Increased locomotor activity, such as moving distance, turning angle, or acceleration, has been used to characterize seizure behavior in zebrafish (Pena et al., 2017; Zheng et al., 2018). However, in our zPnpo deficiency model, we did not observe such epilepsy phenotypes but rather observe increased spontaneous and erratic behavior at 24 hpf, with activity decreasing at 4 dpf, indicating neuron damage. One possible cause contributing to the differences in anatomical characteristics between B6 deficiency, reported for PNPO deficient patients and observed in zebrafish morphants, might be attributed to the maternal supply of active B6 continuing throughout the pregnancy for the fetus, which will not be possible for zebrafish embryos. However, we could not exclude the possibility of species differences, since developmental anomalies, including nervous system defects, anemic characteristics, omphalocele, exencephaly, cleft palate, micrognathia, digital defects, splenic hypoplasia, and impeded bone development, have also been reported for lab animals enduring chemically induced vitamin B6 deficiency (Davis et al., 1970; Kirksey et al., 1990; Masse et al., 1990).
We needed to confirm that the phenotypic results of the knockdown of zPnpo were not the result of off-target genetic changes. This was tested by injecting knockdown embryos with the mRNA for wild-type zPnpo. If off-target changes were responsible for the phenotypic observations, then at least some of the problems would still exist when normal levels of zPnpo were restored. We observed, however, that the mRNA for zPnpo restored the larvae to the wild-type phenotype (Figure 5). An even more encouraging result was that the mRNA for hPNPO also restored the wild-type zebrafish phenotype (Figure 5). The observation that injecting either human or zebrafish pnpo mRNA provides the rescuing effects as effective as the addition of PLP in alleviating morphant mortality and organ anomalies further supports knockdown specificity. This observation also permits future studies to test the different mutations in hPNPO on restoring the phenotype in the different organs of zebrafish. We are currently expanding our zebrafish research by knocking out the gene for zPnpo in addition to only using the knockdown. We note that backcrossing the knockout fish with wild type for a few generations has recently been reported to minimize off-target effects (Johnstone et al., 2019).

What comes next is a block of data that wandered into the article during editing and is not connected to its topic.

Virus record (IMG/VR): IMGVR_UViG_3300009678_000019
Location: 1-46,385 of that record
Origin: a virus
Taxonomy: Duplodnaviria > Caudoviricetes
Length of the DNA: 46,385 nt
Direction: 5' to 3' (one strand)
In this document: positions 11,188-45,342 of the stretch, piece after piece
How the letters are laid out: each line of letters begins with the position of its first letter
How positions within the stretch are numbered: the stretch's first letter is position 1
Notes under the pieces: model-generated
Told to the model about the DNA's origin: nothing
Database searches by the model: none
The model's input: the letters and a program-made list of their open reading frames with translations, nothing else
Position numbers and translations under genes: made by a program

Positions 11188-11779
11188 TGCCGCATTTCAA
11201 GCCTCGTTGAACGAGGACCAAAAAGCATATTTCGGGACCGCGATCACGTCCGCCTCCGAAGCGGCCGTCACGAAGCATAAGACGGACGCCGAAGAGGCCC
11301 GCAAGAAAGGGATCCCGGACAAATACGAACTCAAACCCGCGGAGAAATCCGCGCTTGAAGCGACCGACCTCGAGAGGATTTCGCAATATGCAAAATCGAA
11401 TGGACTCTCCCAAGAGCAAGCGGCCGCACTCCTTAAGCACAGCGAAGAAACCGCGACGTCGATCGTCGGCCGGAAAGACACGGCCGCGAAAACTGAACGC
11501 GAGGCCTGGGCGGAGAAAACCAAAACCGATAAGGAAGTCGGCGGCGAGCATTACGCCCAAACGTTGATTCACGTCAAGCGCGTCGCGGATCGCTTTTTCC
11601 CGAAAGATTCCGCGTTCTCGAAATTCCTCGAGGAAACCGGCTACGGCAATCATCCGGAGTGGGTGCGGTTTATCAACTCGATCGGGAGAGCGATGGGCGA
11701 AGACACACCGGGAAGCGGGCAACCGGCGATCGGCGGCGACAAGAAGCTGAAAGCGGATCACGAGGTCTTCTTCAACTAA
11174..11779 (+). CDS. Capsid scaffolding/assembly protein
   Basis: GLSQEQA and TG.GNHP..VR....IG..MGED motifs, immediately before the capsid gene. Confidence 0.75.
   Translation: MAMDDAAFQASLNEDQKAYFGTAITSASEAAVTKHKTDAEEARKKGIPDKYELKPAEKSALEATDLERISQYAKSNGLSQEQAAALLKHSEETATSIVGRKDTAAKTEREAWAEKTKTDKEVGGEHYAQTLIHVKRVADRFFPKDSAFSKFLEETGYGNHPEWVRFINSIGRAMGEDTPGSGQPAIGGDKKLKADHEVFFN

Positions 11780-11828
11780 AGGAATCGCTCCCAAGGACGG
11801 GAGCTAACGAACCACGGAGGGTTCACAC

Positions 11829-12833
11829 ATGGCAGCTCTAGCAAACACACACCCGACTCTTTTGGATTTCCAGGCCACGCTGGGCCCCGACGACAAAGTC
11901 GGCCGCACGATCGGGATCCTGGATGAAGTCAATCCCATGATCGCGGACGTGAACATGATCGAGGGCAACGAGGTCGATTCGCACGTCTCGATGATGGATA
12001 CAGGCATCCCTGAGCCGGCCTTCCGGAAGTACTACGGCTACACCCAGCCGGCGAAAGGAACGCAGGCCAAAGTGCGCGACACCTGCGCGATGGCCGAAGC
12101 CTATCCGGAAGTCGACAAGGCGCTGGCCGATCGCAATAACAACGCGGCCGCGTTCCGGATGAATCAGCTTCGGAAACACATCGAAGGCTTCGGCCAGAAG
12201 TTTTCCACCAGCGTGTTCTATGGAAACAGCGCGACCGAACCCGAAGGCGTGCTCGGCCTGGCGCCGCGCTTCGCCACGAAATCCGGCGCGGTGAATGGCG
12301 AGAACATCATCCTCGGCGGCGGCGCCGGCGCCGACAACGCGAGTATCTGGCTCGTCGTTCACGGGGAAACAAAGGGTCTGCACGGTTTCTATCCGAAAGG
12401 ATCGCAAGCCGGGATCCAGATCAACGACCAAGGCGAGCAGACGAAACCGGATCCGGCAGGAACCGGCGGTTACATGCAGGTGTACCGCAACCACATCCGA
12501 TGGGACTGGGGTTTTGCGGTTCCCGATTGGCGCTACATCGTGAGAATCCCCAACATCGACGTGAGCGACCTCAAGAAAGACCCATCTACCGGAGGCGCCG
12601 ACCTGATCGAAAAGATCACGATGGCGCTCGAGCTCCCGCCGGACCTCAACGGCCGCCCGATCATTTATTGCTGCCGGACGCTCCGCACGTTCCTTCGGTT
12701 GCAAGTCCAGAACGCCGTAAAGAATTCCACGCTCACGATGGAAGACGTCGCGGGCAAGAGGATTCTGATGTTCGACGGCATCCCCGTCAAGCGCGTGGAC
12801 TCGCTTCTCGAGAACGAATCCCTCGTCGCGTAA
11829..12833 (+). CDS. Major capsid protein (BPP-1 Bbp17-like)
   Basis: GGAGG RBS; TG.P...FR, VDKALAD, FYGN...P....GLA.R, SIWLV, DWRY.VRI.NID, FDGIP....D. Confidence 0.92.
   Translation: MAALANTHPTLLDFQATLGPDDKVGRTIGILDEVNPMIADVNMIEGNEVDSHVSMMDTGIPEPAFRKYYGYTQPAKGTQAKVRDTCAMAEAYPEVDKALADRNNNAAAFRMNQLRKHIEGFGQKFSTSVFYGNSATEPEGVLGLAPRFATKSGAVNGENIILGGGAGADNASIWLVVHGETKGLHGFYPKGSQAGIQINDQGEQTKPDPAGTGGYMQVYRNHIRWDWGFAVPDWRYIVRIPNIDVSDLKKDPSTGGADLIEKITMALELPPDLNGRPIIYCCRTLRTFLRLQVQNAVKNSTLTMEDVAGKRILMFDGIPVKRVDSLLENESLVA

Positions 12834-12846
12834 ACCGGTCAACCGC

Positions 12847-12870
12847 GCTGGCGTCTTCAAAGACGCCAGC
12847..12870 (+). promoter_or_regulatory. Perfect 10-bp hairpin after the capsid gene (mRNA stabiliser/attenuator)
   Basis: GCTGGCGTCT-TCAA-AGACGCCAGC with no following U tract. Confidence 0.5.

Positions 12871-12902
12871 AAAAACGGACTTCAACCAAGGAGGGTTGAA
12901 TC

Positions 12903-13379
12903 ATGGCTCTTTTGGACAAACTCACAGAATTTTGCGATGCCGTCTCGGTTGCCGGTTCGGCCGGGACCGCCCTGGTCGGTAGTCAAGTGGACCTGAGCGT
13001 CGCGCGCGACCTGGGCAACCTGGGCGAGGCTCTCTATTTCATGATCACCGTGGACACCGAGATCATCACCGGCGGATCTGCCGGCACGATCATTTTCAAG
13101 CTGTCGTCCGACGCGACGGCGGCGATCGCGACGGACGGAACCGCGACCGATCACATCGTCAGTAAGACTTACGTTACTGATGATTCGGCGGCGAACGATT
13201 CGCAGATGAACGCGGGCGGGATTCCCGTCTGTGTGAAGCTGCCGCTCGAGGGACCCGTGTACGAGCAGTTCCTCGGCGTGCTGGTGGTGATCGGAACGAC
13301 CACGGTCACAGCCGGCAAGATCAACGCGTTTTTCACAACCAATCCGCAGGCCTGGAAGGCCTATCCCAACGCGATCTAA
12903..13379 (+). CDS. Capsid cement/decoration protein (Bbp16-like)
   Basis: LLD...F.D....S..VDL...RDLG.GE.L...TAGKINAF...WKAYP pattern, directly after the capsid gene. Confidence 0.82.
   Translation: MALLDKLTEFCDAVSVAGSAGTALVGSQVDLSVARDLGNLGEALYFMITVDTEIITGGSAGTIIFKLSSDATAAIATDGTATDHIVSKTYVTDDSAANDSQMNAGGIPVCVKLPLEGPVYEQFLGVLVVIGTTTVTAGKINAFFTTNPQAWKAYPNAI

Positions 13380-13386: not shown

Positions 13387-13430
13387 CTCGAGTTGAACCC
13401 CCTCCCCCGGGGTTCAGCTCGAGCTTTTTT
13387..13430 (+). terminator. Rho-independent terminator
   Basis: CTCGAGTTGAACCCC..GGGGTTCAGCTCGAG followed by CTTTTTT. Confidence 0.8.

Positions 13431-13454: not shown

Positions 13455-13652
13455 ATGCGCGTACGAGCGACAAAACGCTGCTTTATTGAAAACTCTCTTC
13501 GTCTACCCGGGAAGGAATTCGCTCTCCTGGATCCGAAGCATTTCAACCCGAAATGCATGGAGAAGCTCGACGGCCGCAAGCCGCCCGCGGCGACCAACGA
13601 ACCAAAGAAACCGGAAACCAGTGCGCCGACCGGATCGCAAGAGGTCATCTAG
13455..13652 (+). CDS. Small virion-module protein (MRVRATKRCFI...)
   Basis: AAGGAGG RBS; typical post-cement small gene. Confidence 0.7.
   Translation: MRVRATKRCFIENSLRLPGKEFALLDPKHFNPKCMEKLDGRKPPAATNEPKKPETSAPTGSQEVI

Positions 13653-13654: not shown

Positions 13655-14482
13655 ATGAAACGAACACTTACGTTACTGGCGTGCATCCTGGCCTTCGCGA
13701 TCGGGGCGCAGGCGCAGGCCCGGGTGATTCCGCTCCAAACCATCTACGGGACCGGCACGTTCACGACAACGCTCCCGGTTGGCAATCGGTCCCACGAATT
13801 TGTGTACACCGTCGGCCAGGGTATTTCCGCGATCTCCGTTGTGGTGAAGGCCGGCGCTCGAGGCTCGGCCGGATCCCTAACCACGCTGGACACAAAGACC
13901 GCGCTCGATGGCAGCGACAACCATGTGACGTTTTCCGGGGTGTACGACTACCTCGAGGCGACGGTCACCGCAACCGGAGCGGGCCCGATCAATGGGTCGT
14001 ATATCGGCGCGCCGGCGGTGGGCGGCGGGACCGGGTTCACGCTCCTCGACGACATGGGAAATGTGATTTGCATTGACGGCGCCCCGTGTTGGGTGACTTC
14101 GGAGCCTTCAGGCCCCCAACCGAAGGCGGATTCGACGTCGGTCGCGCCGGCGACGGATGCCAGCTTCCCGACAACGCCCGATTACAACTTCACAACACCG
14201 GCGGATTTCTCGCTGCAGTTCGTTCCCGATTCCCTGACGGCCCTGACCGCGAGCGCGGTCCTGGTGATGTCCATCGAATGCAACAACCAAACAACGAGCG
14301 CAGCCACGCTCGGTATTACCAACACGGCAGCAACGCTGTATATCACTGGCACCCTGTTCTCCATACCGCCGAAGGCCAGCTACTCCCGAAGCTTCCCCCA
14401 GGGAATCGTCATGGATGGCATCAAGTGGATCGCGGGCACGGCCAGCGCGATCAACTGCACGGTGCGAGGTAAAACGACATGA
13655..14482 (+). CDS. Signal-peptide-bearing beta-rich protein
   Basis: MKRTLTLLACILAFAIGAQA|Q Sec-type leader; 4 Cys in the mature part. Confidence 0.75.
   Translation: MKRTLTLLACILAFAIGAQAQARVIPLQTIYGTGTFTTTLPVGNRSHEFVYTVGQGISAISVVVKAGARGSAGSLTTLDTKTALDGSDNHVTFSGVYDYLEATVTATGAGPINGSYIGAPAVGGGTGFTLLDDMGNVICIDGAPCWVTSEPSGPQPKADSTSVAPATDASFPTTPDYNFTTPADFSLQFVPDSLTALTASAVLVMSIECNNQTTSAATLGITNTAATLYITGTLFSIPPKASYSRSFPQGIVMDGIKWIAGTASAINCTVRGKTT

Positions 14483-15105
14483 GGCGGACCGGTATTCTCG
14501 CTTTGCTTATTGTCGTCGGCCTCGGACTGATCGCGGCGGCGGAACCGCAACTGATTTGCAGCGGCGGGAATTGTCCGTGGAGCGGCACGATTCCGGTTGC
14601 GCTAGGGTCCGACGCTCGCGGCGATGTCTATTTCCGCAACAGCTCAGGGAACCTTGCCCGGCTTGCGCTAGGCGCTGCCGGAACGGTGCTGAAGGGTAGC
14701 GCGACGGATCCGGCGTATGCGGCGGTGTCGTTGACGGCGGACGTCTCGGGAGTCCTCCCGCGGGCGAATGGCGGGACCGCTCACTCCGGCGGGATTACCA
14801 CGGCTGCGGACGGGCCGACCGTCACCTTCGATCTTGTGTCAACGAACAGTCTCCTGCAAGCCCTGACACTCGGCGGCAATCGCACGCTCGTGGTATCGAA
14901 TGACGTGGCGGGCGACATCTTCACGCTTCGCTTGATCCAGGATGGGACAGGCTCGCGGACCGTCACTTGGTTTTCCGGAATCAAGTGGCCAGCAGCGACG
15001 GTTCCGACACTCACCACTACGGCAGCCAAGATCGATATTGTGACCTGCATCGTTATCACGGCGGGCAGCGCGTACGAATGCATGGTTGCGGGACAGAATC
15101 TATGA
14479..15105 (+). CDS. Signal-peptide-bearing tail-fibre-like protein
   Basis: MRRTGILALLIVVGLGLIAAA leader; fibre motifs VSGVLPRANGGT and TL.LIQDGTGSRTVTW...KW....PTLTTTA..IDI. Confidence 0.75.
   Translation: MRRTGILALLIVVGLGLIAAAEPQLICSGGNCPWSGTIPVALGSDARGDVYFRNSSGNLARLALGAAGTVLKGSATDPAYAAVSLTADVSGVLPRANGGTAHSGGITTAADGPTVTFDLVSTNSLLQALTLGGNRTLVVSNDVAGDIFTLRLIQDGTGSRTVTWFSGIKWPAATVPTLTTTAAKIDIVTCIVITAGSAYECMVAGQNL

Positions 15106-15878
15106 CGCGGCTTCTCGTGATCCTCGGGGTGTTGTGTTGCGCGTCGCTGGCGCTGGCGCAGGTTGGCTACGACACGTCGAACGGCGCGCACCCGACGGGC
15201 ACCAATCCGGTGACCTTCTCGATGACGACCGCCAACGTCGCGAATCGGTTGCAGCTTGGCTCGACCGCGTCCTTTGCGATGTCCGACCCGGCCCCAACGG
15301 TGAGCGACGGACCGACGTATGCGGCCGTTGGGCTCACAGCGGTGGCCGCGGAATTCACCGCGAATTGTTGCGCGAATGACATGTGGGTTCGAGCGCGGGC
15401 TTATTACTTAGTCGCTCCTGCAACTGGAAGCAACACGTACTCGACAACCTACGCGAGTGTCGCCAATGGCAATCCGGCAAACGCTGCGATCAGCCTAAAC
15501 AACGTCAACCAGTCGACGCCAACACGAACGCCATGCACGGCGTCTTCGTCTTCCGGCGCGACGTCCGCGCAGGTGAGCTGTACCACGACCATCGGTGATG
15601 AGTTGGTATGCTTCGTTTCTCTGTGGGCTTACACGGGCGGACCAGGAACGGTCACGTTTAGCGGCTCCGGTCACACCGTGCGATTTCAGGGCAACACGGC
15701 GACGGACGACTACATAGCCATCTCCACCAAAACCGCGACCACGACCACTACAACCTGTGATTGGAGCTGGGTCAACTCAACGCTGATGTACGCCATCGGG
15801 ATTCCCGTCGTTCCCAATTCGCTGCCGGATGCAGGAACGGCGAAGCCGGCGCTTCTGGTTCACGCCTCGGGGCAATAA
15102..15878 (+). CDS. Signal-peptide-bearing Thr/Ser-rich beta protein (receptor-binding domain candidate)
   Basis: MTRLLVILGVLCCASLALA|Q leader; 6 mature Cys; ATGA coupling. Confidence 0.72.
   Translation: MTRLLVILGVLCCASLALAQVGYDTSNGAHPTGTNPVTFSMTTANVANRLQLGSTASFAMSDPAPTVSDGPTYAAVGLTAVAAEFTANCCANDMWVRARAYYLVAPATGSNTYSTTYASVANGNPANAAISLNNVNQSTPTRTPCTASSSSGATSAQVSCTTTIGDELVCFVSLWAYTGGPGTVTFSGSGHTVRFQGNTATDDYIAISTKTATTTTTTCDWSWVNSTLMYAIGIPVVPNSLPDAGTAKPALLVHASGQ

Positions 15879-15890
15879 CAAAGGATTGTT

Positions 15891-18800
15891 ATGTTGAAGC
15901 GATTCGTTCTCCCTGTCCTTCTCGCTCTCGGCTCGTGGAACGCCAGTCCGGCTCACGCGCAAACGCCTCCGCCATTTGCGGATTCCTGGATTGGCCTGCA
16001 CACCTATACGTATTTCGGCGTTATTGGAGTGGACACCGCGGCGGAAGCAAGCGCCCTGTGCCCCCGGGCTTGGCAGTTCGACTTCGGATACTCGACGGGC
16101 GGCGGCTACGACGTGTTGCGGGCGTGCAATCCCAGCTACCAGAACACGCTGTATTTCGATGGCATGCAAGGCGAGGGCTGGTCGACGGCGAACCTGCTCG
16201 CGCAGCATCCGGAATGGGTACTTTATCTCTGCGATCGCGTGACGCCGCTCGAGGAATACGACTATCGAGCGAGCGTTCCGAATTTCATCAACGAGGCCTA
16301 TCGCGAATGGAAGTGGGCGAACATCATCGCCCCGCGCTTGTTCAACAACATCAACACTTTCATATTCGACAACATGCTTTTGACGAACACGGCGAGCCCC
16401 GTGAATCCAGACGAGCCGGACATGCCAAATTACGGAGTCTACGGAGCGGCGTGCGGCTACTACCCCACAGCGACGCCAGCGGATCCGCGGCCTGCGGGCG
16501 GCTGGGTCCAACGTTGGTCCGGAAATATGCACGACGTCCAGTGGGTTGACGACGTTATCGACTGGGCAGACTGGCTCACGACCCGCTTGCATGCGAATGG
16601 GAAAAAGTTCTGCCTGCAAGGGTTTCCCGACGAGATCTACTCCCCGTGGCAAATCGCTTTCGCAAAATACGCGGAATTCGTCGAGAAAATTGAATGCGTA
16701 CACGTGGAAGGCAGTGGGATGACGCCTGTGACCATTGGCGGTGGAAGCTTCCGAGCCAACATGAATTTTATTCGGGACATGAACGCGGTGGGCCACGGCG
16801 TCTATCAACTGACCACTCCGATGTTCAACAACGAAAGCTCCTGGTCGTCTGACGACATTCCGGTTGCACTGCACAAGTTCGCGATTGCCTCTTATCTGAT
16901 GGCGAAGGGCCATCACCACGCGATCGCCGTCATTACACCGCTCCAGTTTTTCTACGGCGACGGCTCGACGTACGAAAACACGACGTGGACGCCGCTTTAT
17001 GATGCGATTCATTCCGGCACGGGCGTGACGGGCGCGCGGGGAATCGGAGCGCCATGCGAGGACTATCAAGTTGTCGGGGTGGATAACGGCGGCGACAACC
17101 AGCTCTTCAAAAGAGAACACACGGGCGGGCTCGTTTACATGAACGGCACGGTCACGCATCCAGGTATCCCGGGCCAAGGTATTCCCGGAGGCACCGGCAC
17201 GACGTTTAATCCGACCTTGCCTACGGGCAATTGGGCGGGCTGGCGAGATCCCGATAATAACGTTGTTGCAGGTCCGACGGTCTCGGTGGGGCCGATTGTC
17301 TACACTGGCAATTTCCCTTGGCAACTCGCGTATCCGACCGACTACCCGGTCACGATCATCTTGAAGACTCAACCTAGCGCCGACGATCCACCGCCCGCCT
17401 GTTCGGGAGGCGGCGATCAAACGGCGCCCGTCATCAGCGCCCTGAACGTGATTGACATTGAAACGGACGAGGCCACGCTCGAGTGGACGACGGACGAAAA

We next tested some of our ideas for new therapies. One idea was to use PM as a rescue agent. The conversion of apo-B6 enzymes to catalytically active holo-enzymes requires PLP, except for one family of apo-B6 enzymes. The largest family of B6 enzymes are transaminases that convert amino acids into the corresponding α-keto acids. The transaminases can also use PMP to form the holo-enzyme. We proposed that PM may also help restore at least some of the deleterious effects from decreased activity of zPnpo in our knockdown fish. Since the fish still contain a normal level of pyridoxal kinase, the PM would be converted to PMP and then activate apo-transaminases. As shown in Figures 5 and 6, this was observed when low levels of PM were used. The effect was less encouraging when large doses of PM (>1 mM) were used (data not shown). We believe that this is the result of the large doses of PM being converted to PMP by the kinase, which exceed the requirement for activation of all apo-transaminases. The excess PMP may act as a feedback inhibitor of pyridoxal kinase and block conversion of PL to PLP that is needed for activation of non-B6 transaminases (Figure 1). The fact that PLP and PM, in some instances, are able to rescue different anomalies implies the potential tissue specificity for B6 metabolism/requirement, and that combining these two B6 vitamers may reduce PLP dose requirements and mitigate potential toxicity. Future studies will focus on determining the optimal combination of PM and PLP as a rescue therapy for NEE.